China’s particulate matter (PM) air pollution significantly exceeds health guidelines and is driven by industrial emissions, motor vehicles, and household use of biomass and coal fuels. Baumgartner and her colleagues measured the daily exposure to different types of air pollutants, including black carbon, in 280 women (mean age 51.9 y) in China’s rural Yunnan province, where biomass fuels are commonly used. They found that found that BC exposure from biomass smoke is more strongly associated with blood pressure—which directly impacts cardiovascular risk—than total PM mass, and that co-exposure to motor vehicle emissions may strengthen BC’s impact. Air pollution mitigation efforts focusing on reducing combustion pollution are likely to have major benefits for climate and human health.

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MIT study finds air quality co-benefits of US carbon policies can significantly offset costs, depending upon the policy

August 25, 2014

The human health benefits associated with improvements in air quality related to the reduction in greenhouse gas emissions improvements can offset 26–1,050% of the cost of US carbon policies, depending upon the type of policy, according to a new study by a team from MIT. (Air quality co-benefits are additional to climate benefits realized from reduced CO2 emissions.)

In a paper published in the journal Nature Climate Science, the MIT researchers took a systems-level approach to analyzing how climate policies influence air quality, focusing on US emissions of O3 and PM2.5 precursors through 2030. They assessed the costs and air-quality-related benefits of three potential national-scale climate policies, examining the entire pathway linking climate policies, economic sector responses, emissions, regional air quality, human health and related economic impacts.

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EPA report shows progress in reducing urban air toxics across US; 50% reduction from mobile sources since 1990

August 22, 2014

The US Environmental Protection Agency (EPA) released the Second Integrated Urban Air Toxics Report to Congress—the final of two reports required under the Clean Air Act (CAA) to inform Congress of progress in reducing public health risks from urban air toxics (also referred to as hazardous air pollutants or HAPs). HAPs are defined as those pollutants that cause or may cause cancer or other serious health effects, such as reproductive effects or birth defects, or adverse environmental and ecological effects.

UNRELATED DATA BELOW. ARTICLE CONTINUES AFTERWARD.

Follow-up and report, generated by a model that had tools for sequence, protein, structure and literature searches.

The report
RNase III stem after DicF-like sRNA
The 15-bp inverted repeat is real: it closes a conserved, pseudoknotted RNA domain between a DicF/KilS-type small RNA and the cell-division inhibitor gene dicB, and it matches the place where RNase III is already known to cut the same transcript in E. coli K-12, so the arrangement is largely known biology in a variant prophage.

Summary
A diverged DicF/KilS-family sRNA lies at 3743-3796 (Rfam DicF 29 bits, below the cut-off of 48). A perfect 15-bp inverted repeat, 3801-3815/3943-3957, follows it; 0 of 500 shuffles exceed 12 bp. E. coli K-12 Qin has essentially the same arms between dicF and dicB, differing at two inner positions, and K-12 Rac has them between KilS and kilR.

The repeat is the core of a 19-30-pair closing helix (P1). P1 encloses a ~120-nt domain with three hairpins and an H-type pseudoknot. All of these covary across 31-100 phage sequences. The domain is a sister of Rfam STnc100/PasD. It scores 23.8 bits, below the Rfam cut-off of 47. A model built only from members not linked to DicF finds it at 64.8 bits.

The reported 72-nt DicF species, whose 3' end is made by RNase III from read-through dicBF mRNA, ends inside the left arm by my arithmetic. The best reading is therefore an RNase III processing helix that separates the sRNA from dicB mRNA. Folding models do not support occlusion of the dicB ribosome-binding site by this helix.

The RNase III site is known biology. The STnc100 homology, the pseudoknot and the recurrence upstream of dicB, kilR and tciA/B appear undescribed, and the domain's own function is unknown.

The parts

Using national emissions and air quality data, the Urban Air Toxics Report shows the substantial progress that has been made to reduce air toxics across the country since the Clean Air Act Amendments of 1990. Among the results highlighted is the removal of an estimated 1.5 million tons per year of HAPs from mobile sources, which represents a 50% reduction in mobile source HAP emissions. With additional fleet turnover, EPA expects these reductions to grow to 80% by the year 2030.

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NIST study suggests severe corrosion in underground gasoline storage tanks may require component replacement sooner than expected; 500K USTs in US

July 30, 2014

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Optical micrographs of severe corrosion on steel alloy samples exposed to ethanol and acetic acid vapors—conditions typical of underground gasoline storage tanks—after 355 hours, 643 hours, and 932 hours. Source: NIST. Click to enlarge.

In recent years, field inspectors in nine states have reported many rapidly corroding underground gasoline storage tank (UST) components such as sump pumps. These incidents are generally associated with use of gasoline-ethanol blends and the presence of bacteria, Acetobacter aceti, which convert ethanol to acetic acid, a component of vinegar. Corrosion can result in failures, leaks and contamination of groundwater, a source of drinking water.

Following up on the inspectors’ findings, a National Institute of Standards and Technology (NIST) laboratory study has demonstrated severe corrosion—rapidly eating through 1 millimeter of wall thickness per year—on steel alloy samples exposed to ethanol and acetic acid vapors. Based on this finding, NIST researchers suggest gasoline stations may need to replace submersible pump casings, typically made of steel or cast iron, sooner than expected.

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Non-intrusive bio-monitoring system anticipates driver fatigue in the vehicle to prevent accidents